Provides an extensive summary of the nearly 600 questions voiced by the MIT community during the May 5 Town Hall.
MIT Heads of House
Describes the overarching set of values held by MIT Heads of House that guide their planning and policies for Fall 2020 and beyond.
Features data on MIT community cases as well as answers to common questions about COVID-19. The post from May 4 is particularly helpful for understanding the shortcomings of antibody testing.
- Massachusetts COVID-19 Reopening Guidance
- Massachusetts Guidance on Reopening: Higher Education
- Final Report of the MA Higher Education COVID-19 Testing Group
- Reopening Cambridge guidelines
- Johns Hopkins Center for Health Security: Public Health Principles for a Phased Reopening During COVID-19: Guidance for Governors
- American College Health Association: Considerations for Reopening Institutions of Higher Education in the COVID-19 Era
- CDC Considerations for Institutes of Higher Education
- Safe on Campus: A Framework for Opening Colleges and Universities (MA Higher Education Working Group Recommendations to the Governor’s Reopening Advisory Board)
Dr. Atul Gawande, surgeon, public-health researcher, and staff writer at The New Yorker | Source: The New Yorker, May 13, 2020
Using the Mass General Brigham system to illustrate success, Dr. Gawande describes the elements of safe reopening: hygiene measures, screening, distancing, masks, and culture change to sustain it all. (18-minute read)
Lia Paradis, professor of history at Slippery Rock University of Pennsylvania | Source: Inside Higher Ed, June 3, 2020
Lia Paradis envisions a professor’s typical day on campus come September, compiled from conversations with faculty members about the preparations, consultations, and new policies at colleges and universities — public and private, big and small — in 11 states. (5-minute read)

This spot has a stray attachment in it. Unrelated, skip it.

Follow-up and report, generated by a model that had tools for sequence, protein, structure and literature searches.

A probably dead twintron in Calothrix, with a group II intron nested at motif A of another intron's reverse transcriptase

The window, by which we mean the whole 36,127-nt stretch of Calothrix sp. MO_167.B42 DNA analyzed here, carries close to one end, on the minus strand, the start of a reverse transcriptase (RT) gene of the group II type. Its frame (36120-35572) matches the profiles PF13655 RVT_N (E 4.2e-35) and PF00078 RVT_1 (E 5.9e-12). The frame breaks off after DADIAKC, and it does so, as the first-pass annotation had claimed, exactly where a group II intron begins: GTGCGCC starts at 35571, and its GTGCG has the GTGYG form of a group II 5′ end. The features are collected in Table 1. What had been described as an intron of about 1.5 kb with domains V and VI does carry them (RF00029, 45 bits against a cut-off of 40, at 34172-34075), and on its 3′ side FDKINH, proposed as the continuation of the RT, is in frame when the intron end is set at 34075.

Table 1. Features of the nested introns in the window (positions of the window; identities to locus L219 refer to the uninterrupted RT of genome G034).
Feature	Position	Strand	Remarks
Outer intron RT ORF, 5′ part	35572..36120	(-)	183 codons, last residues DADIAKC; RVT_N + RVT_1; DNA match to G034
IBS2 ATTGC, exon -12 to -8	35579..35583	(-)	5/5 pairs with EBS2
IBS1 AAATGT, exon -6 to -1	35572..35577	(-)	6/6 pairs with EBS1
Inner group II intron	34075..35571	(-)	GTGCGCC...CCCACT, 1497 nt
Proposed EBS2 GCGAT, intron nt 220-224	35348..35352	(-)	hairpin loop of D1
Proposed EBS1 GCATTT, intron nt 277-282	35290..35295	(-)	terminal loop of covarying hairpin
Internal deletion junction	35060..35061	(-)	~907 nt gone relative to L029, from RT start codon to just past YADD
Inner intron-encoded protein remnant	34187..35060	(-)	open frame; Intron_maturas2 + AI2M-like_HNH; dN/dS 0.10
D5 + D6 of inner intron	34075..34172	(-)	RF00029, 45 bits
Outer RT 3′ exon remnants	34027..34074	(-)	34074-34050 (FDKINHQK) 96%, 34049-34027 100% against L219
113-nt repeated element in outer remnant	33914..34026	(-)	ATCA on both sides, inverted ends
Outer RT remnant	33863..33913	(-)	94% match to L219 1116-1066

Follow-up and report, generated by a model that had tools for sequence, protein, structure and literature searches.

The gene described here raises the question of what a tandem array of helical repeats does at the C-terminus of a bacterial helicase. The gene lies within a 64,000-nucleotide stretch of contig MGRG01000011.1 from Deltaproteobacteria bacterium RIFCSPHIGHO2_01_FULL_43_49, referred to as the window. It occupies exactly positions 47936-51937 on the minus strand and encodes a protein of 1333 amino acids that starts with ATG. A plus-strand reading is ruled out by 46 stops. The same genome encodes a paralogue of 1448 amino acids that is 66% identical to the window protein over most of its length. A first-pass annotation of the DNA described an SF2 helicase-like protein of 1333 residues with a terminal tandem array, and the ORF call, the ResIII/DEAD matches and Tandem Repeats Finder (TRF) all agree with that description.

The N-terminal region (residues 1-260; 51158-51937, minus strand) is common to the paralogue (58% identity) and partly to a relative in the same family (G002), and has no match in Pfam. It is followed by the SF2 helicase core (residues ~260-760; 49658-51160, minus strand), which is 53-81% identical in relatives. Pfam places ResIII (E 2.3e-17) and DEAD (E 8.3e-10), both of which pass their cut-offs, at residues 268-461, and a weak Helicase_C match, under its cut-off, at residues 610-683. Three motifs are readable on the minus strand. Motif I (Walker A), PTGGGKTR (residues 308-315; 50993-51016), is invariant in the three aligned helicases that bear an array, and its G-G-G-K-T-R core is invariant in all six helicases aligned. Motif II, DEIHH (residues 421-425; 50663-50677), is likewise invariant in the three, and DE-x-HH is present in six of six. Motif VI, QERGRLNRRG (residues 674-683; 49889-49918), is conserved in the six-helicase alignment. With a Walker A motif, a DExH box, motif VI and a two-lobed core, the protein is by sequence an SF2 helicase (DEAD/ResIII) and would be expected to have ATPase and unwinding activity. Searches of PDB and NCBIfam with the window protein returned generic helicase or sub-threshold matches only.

Dr. Gabriel Leung, infectious disease epidemiologist and dean of medicine at the University of Hong Kong | Source: The New York Times, April 6, 2020
Leung explains how to calculate the rate of infection spread in a given area and compare that number to hospital capacity to effectively inform policy. (8-minute read)
Erin S. Bromage, Ph.D., Comparative Immunologist and Associate Professor of Biology at the University of Massachusetts Dartmouth | Source: blog post, May 6, 2020 (updated May 20)
Bromage explains how the virus is spread in different common scenarios (restaurants, churches, etc.), emphasizing that chances of getting infected are a function both of the dose of the virus and the duration of exposure. (12-minute read)
Source: MIT IDSS, May 2020
As a follow-up to an article on testing, the IDSS team models the effects of some percentage of the population OPTING OUT of testing, noting that it is more like drunk driving (risky for individual and community) rather than not wearing a seatbelt (only risky for individual). (5-minute read).
Richard A. Neher, Robert Dyrdak, Valetin Druelle, Emma B. Hodcroft, Jan Albert | Source: Swiss Med Weekly, March 16, 2020